1978    4.61    3.47    15    9    14   10     -1
1979    3.95    3.86     9    8    12    5     +3
1980    3.70    4.24     9   12     8   13     -1
1981    4.08    2.94    12    6    11    7     -1
1982    8.18    6.20     3    1     2    2     -1
1983    3.83    4.26     8    9     7   10     -1
1984    5.16    3.15    19    7    19    7      0
1985    4.28    3.71    19   14    17   16     -2
1986    4.75    4.44    17   14    17   14      0
1987    4.57    4.45    14   13    15   12     +1
1988    4.10    5.56    10   17    10   17      0
1989    4.90    2.83    16    6    17    5     +1
1990    4.63    5.71     6    9     8    7     +2      
1992    5.34    5.15    10   10     8   12     -2
-------------------------------------------------
TOTAL                  306  231   287  250    -19

These results are unlike those of any pitcher I have run before. But it's still hard to draw any conclusions. Over the first eight years of his career, Blyleven lost a lot more games than anyone would expect from his run support and runs allowed--17 to be exact. The rest of his career, however, looks perfectly normal; there's absolutely no sign of that pattern continuing. Is the pattern in the early years significant? I don't know. The "lost" wins could be a result of how Blyleven was pitching, but it could also result from his teams' offensive patterns, bullpens, or their managing. The answer is going to require a closer look at these seasons, especially 1972-74 (all spent with the Twins), which by themselves account for two-thirds of the difference between his projected career wins and his actual career wins.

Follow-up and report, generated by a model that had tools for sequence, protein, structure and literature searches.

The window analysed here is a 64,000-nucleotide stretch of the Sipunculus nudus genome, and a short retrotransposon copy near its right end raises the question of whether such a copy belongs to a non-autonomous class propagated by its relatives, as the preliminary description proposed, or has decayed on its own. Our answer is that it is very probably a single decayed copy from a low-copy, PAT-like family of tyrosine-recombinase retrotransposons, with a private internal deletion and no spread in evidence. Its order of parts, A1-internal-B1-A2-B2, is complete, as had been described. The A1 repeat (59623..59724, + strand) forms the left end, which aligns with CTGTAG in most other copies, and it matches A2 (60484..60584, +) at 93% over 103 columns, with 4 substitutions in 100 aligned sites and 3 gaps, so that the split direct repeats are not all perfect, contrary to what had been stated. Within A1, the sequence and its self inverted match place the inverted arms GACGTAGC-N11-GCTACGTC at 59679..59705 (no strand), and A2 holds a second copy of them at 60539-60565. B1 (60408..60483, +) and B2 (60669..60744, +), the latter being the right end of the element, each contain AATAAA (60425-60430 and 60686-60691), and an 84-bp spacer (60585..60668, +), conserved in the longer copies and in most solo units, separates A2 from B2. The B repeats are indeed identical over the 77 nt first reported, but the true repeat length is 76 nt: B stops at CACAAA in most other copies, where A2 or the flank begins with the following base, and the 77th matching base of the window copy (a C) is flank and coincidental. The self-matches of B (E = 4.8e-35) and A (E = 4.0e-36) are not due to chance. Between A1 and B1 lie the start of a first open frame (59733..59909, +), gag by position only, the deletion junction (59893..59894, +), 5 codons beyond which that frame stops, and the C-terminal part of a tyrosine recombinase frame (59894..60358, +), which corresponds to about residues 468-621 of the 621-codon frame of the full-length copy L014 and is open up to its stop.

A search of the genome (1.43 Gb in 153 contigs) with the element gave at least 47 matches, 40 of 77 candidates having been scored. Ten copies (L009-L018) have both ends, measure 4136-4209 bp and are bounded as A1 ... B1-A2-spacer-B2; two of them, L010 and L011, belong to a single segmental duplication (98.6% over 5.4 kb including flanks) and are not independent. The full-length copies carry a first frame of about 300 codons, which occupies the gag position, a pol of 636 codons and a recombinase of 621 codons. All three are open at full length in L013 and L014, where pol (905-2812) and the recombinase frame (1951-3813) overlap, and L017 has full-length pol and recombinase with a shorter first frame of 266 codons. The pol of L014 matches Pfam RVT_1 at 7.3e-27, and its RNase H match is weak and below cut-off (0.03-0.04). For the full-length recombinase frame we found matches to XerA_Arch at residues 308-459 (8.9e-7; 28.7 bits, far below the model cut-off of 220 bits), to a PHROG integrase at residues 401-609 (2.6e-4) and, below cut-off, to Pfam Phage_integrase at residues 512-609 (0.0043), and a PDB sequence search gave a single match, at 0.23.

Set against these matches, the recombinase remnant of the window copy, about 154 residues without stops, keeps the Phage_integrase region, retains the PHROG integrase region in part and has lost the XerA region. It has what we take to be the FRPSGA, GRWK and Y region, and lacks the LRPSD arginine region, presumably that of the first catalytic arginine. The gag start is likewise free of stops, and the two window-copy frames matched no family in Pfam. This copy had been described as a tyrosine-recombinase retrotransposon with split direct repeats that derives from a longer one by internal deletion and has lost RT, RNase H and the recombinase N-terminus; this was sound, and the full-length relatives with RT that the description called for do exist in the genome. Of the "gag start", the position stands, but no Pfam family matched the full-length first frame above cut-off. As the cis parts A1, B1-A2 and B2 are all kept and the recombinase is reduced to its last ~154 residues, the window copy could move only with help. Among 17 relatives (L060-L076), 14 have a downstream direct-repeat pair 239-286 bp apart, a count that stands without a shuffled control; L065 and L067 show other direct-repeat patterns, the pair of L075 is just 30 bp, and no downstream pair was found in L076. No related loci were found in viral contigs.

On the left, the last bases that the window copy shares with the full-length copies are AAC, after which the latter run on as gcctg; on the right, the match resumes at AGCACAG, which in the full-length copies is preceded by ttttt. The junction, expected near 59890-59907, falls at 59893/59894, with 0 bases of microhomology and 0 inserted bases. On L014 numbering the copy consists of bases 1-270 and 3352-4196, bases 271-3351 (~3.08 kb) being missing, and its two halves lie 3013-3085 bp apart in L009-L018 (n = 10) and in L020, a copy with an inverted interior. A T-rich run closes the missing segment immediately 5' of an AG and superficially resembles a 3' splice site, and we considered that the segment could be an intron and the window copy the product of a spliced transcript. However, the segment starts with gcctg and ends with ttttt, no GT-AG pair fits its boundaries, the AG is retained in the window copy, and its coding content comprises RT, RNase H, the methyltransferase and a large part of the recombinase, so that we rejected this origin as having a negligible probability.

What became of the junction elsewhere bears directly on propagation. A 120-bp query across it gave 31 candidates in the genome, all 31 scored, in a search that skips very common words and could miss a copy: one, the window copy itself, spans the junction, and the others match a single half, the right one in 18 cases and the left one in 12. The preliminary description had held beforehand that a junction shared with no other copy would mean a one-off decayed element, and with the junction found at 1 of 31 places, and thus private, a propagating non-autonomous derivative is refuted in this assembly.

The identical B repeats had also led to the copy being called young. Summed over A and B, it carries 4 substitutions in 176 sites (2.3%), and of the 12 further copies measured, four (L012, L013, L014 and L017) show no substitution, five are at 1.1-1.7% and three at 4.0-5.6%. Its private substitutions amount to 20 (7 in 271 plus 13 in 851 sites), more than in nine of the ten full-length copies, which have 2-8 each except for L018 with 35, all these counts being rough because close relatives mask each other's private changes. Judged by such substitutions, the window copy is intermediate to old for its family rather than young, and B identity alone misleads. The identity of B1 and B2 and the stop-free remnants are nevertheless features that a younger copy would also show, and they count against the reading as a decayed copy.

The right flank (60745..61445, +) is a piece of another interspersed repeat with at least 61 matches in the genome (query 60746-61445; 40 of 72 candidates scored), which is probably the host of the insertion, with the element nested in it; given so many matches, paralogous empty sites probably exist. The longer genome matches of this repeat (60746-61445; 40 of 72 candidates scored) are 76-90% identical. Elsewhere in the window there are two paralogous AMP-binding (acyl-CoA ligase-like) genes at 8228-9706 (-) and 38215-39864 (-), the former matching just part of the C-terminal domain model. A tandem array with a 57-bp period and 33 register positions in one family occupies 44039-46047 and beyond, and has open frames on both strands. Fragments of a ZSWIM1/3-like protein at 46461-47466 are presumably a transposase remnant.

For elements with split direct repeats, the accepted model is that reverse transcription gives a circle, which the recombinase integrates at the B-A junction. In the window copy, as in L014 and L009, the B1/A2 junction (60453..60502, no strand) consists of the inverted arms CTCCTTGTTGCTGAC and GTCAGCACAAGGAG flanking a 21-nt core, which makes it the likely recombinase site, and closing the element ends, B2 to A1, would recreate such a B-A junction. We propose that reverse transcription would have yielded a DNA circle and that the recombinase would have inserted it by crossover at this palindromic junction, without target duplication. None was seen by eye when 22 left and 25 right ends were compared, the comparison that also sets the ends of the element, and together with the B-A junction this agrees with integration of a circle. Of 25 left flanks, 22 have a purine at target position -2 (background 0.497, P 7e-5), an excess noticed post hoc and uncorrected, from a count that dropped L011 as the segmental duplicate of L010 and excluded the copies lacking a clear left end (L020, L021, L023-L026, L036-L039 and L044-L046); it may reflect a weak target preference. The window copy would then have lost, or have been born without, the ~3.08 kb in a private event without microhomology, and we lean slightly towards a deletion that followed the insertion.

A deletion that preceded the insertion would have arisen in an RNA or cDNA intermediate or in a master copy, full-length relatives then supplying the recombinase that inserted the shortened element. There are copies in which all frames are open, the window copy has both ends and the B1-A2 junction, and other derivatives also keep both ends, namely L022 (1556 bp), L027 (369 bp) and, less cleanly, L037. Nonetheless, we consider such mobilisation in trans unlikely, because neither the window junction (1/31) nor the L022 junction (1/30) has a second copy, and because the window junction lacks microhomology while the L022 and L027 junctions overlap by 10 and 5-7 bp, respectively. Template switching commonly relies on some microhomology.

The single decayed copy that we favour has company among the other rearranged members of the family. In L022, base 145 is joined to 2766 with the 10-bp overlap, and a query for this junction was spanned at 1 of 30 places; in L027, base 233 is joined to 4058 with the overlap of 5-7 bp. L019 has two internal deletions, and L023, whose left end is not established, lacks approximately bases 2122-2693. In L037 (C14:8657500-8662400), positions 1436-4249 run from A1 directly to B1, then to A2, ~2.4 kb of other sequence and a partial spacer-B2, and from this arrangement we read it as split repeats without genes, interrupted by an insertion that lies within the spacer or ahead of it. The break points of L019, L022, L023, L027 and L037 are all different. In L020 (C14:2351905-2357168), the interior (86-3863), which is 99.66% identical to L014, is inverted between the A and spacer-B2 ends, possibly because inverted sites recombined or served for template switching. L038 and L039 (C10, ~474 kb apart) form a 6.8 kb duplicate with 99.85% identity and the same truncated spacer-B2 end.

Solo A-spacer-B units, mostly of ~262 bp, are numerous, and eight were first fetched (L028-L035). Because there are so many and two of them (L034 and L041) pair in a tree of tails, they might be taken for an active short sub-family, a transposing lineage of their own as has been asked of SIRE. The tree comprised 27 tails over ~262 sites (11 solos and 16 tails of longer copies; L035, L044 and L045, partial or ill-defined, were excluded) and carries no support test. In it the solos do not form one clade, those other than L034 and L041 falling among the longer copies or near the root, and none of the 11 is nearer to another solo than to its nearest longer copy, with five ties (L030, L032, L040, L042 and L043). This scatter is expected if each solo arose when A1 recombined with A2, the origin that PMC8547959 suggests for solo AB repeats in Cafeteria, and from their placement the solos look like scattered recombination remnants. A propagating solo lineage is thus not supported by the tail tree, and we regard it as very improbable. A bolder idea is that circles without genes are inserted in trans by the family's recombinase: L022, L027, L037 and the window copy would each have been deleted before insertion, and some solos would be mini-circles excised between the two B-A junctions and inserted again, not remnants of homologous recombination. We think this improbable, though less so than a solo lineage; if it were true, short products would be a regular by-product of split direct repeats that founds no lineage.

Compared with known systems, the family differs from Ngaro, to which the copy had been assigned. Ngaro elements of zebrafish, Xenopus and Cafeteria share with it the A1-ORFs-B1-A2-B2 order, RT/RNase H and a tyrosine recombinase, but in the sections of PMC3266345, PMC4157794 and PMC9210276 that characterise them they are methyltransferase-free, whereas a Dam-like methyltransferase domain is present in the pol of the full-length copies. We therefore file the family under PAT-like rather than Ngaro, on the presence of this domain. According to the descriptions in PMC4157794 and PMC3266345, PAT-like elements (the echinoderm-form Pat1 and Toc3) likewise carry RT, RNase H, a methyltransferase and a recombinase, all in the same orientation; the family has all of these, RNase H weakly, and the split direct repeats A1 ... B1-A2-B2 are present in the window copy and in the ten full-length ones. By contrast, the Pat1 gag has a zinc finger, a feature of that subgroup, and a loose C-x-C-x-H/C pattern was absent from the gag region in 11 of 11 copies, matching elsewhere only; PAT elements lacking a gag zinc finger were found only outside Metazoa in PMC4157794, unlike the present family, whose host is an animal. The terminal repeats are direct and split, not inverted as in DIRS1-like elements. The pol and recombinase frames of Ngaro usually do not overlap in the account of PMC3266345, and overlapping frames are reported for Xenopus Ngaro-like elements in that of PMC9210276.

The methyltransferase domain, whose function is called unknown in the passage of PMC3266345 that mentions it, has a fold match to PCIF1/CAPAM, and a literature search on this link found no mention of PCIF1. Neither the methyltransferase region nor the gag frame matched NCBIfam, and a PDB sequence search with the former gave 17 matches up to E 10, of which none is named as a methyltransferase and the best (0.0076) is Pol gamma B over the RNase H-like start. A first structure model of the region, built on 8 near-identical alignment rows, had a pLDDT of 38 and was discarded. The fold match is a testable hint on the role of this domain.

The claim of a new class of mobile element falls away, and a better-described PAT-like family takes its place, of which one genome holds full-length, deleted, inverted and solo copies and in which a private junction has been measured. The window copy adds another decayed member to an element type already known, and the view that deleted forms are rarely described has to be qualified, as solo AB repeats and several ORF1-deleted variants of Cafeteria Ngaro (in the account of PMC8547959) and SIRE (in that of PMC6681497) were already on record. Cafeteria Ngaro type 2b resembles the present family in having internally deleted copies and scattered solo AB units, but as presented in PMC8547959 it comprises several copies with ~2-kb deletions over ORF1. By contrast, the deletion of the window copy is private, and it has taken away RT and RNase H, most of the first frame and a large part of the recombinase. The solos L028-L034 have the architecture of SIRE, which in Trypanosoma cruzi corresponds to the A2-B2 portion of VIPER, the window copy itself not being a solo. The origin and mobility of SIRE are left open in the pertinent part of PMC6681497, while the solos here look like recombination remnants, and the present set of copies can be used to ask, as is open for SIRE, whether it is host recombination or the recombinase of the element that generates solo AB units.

No matter what is responsible for Blyleven's "lost wins," it is clear that they do not amount to enough to argue that he does not belong in the Hall of Fame. The facts remain the same: Blyleven's 287-250 career record and 3.31 ERA in the context of a career spent primarily with mediocre teams in hitters' parks is clearly Hall of Fame material. Where he fits into the pantheon, however, may become clearer with further research. Stay tuned.

0 comments have been left for this article.

No Previous Article
No Next Article

RECENTLY AT BASEBALL PROSPECTUS
Premium Article What You Need to Know: August 29, 2014
Premium Article Pebble Hunting: This Article Mentions Fehlan...
Premium Article The Prospectus Hit List: Friday, August 29
Premium Article The Call-Up: Dilson Herrera
Premium Article Minor League Update: Games of Thursday, Augu...
Prospectus Feature: Roast A Parks
Premium Article Raising Aces: Mis-Priced

MORE FROM MARCH 6, 2003
Team Health Reports: Toronto Blue Jays
Premium Article Under The Knife: Slides and Risks
Premium Article Prospectus Today: Love Notes

MORE BY GREG SPIRA
2004-10-22 - Internet Baseball Awards
2003-10-24 - Internet Baseball Awards
2003-07-15 - Mid-Season Baseball Awards
2003-03-06 - The Proper Support
2002-10-26 - Internet Baseball Awards: NL Player of the Y...
2002-10-23 - Internet Baseball Awards: Pitcher of the Yea...
2002-10-23 - Internet Baseball Awards: AL Player of the Y...
More...